Photo taken by Rahul Verma at TEDxShekhawati

TedxShekhawati: Female participation, male sabotage

 ‘It is commendable that you are organising this, but… women will not show up.’

‘Why not?’

‘Well, it is so far. And what do women have to do with hearing new ideas?’

I have been working on TEDxShekhawati, Rajasthan’s first TEDx event and India’s largest TEDx, for months. At first, I had worked remotely from London before arriving in Fatehpur Shekhawati, Rajasthan, in India a week before the event. Taking care of the venue design, sound and video were the easier part of my preparations. The main piece of work was designing a campaign strategy. Whilst TED is known in urban areas, this would not be enough to attract audiences in Shekhawati. We had to explain what TED is, and why they should attend.

One of the common complaints about the region is that parents don’t care about their children’s education. In designing the campaign strategy, I decided that we would have to explain the event to the children – and ask them to bring their parents! Through Facebook, we developed a strategy to target people within their homes. I gathered a team of men and women. Leaflets were printed in Hindi which explained what the event was, what the speakers were going to talk about and why I was organising it. Within a day of starting this grassroots campaign, we realised that we had to target women specifically. The general pamphlet about TED and TEDxShekhawati was assumed to be something that would only interest men.

Within a day, I had written new pamphlets, and had them translated into Urdu, the language spoken by most Muslim women, and the volunteers had taken these to houses where they explained what this programme was. I also made a short video with the intentionally-provocative title ‘What’s the point in having women at TEDxShekhawati.’ Official Facebook views of this video exceeded 16,000. The event also circulated in the informal social media economy via WhatsApp.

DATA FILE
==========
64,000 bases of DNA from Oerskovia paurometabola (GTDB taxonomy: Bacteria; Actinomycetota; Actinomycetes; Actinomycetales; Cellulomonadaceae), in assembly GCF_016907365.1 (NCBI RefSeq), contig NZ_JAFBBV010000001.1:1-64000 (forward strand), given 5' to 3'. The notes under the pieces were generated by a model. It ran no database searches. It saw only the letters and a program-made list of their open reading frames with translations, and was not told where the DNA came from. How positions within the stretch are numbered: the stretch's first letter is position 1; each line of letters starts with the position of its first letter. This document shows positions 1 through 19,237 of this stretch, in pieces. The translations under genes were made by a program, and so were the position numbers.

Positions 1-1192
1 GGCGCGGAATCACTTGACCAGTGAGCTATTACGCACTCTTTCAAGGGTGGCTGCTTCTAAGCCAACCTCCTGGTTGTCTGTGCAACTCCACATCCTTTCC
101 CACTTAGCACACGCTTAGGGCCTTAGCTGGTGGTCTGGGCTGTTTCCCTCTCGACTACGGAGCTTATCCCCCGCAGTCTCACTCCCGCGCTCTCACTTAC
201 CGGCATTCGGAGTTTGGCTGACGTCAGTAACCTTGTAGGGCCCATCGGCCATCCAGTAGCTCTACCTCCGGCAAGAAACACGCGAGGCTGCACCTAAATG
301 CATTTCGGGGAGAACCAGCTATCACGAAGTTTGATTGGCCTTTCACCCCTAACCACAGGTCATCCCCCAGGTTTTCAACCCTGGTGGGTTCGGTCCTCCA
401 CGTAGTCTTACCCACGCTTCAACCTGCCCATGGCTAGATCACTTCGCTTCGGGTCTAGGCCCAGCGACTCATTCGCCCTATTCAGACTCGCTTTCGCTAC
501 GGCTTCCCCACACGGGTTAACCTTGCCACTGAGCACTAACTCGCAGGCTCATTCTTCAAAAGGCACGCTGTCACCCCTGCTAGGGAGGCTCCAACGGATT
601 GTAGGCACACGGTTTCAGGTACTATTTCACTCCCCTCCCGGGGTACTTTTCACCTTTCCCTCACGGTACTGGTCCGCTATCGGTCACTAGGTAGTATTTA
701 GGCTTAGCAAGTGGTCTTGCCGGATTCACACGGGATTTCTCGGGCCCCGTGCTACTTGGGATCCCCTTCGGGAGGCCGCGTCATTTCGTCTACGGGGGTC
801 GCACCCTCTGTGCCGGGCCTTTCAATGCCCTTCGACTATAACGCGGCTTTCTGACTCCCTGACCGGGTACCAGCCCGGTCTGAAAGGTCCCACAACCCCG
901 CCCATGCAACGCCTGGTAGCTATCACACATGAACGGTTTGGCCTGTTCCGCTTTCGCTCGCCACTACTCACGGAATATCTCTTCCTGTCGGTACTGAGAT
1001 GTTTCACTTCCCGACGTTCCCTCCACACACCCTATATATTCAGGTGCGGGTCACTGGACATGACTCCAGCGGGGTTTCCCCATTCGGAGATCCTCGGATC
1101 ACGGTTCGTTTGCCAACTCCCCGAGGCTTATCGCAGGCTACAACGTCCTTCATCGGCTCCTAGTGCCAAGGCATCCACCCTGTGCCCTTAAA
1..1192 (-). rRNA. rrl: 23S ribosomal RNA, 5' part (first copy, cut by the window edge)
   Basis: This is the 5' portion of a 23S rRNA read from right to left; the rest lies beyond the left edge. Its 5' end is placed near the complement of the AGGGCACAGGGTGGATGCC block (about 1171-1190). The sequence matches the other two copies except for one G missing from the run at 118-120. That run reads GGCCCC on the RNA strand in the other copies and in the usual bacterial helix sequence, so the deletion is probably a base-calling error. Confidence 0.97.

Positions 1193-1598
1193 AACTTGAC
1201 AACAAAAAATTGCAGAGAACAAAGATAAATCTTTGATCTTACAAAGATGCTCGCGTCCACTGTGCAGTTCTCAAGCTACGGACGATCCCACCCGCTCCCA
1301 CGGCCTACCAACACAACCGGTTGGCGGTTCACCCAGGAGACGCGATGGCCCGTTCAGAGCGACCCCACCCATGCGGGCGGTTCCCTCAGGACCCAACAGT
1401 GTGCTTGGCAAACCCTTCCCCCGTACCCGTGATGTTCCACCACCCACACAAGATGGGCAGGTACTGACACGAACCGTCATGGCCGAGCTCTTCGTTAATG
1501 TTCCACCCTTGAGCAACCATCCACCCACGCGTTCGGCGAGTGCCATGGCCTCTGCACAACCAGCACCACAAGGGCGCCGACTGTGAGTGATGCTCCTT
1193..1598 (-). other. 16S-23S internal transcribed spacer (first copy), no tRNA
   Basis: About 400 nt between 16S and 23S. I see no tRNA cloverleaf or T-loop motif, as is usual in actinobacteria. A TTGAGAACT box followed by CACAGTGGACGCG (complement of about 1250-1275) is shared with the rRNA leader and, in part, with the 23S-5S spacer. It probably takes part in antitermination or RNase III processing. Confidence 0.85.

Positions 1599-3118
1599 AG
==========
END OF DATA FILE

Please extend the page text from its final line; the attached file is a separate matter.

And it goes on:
By 24th Feb 2018, there wasn’t a person left who had not heard of TEDxShekhawati through leaflets, volunteer outreach or the Facebook video. I took charge of the schools campaign where I travelled within many Shekhawati towns and villages explaining TED/TEDx to thousands of children, specifically mentioning that their role was to go to their parents and explain this to them and to bring them along on the 24th. The campaign intensified — women in salons were given leaflets and explained what was going to happen at TEDxShekhawati. We engaged with people on the streets, in shops, in their homes and in their schools.

The day of the event is the most gut-churning feeling. You never know how many will turn up. What happened next stunned us all: women came in droves! All the speakers expressed surprise and said that they had never addressed such a large crowd of Muslim women in burqa and niqab. These women shattered the false belief that women were uninterested in hearing new ideas, and that women, especially Muslim women, did not care about change.

The story of TEDxShekhawati is one of overcoming expected and unexpected obstacles. It was a self-funded event, worked on single-handedly by myself. A week before, I had recruited a team on ground to help with the execution of the event. While there were the usual suspects who claimed that an event like this ‘where men and women freely mingled’ was against religion and should therefore be boycotted, upon this occasion, the faux-feminists came out of the woodwork.